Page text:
Belmont Club

The First Osama

Before the War on Terror there was the Cold War. Before the shadow of the suitcase nuke there was the specter of “many Vietnams”.  And before there was an Osama bin Laden there was Ernesto “Che” Guevara.  Although he is known mostly as a logo now, Che Guevara was at one time the most wanted man on earth.  His vow to create “many Vietnams” sent chills through a US administration floundering in that very conflict. Like Osama, his whereabouts were unknown. His last reported location was the Congo; at the start of 1967 the CIA believed him dead though he was last reported by Communist conference as “serving the revolution somewhere in Latin America”.

Che had become a ghost, a specter haunting Lyndon Johnson.  But unlike Osama Bin Laden, who was a faintly ridiculous figure popularly imagined to be skulking in caves, Guevara was a rock star celebrity. He was a  confidante to Third World presidents, articulate, handsome in a hirsute way, conscious of his destiny.  There’s a even fake photograph of Che Guevara jamming with John Lennon, a counterfeit which even if it isn’t real arguably should have been.

Unlike Zero Dark Thirty, where the hunters for Bin Laden are played by Hollywood handsome actors, comparatively few can recall the men who got Che. Fortunately the story of how two Americans, Felix Rodriguez and Ralph “Pappy” Shelton and their Bolivian proteges hunted Che Guevara down in Bolivia is retold by Mitch Weiss and Kevin Maurer in the book Hunting Che (available in Kindle for $12.08).

The contrast between the hunted and the hunters could not be greater.

One one side of the drama was a celebrity doctor who had been a Cuban cabinet minister, a confidante to great men and an international celebrity. On other side, the man who would forge the sword that would destroy Che, was Special Forces Major “Pappy” Shelton,  born on a Mississippi farm; who joined the Army because it offered a path of respect, service and certainty out of his small town world and who only finished high school.  Gathering intelligence for the sword was  Felix Rodriguez of the CIA, the man who created the intel network that found Guevara;  perhaps the apotheosis of a Cold Warrior; driven from Cuba in youth, who returned with exiles only to escape the wreckage of the Bay of Pigs fiasco by a hairsbreadth; a man with a personal grudge against Guevara, who had watched as Che himself oversaw the execution of his friends in the aftermath of the debacle from his place of hiding.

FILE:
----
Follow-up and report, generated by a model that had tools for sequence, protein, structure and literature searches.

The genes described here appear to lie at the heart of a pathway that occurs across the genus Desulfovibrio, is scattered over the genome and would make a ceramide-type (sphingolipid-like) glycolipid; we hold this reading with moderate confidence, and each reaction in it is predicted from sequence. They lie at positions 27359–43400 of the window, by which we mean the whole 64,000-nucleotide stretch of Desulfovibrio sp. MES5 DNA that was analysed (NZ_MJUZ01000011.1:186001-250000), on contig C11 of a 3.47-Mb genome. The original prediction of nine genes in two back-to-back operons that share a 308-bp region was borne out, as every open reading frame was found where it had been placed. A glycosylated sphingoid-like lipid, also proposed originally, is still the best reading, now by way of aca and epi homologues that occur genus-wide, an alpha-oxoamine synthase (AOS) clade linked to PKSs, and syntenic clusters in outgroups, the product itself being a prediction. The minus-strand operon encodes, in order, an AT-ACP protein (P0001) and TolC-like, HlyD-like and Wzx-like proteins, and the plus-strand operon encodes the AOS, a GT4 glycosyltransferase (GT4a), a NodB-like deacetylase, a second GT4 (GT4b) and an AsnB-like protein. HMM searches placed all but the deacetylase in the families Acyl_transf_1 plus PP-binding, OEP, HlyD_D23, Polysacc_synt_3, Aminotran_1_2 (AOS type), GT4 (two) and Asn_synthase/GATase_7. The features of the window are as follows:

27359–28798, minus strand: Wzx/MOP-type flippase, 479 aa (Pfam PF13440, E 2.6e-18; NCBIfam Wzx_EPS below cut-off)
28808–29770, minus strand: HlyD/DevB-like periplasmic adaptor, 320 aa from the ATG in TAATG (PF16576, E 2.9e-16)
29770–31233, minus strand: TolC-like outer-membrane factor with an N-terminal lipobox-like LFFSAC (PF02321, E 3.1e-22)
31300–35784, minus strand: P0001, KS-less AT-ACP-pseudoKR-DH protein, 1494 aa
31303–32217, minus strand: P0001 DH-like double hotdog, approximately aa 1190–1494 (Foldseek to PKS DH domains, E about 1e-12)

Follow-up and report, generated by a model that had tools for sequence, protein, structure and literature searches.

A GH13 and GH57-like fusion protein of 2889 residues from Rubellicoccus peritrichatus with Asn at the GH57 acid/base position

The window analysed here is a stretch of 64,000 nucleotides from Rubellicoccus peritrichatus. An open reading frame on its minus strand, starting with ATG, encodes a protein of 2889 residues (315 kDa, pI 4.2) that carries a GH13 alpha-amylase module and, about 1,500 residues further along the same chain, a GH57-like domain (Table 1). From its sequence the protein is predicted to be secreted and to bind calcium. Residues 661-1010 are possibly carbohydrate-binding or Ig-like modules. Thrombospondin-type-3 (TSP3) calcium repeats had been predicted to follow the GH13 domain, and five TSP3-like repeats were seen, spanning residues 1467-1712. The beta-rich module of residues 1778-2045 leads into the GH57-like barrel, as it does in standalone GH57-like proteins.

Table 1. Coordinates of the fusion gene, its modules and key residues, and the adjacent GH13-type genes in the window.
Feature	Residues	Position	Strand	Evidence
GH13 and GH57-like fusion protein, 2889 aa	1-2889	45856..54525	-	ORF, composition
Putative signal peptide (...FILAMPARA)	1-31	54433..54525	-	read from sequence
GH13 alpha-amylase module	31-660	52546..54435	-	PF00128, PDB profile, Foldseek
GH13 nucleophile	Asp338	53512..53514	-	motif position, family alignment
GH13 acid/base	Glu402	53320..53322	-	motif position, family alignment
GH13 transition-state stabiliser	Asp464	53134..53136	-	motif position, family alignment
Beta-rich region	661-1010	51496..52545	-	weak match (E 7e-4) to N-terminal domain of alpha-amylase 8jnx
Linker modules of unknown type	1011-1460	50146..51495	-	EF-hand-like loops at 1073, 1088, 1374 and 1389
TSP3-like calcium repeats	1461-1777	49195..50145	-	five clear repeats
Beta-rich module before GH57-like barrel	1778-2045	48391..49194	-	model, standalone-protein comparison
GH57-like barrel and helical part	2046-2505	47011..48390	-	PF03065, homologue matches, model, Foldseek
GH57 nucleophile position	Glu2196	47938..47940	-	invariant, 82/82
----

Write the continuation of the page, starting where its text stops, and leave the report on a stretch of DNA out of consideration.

The differences translated to style. Che made literary entries in a diary and had an actual French intellectual, Regis Debray, as a camp follower.  Pappy Shelton was a man who saw himself as a soldier — there was no higher honor — and got along naturally with farmers like himself in the Bolivian countryside. Where Che’s hobby was chess Shelton won over his Bolivian students by playing a Gibson guitar in front of the Kiosko Hugo, a general store in the rural town where he trained Bolivia’s first Ranger Battalion.

The movie star versus the mustang.  The voluntary exiles versus the involuntary one.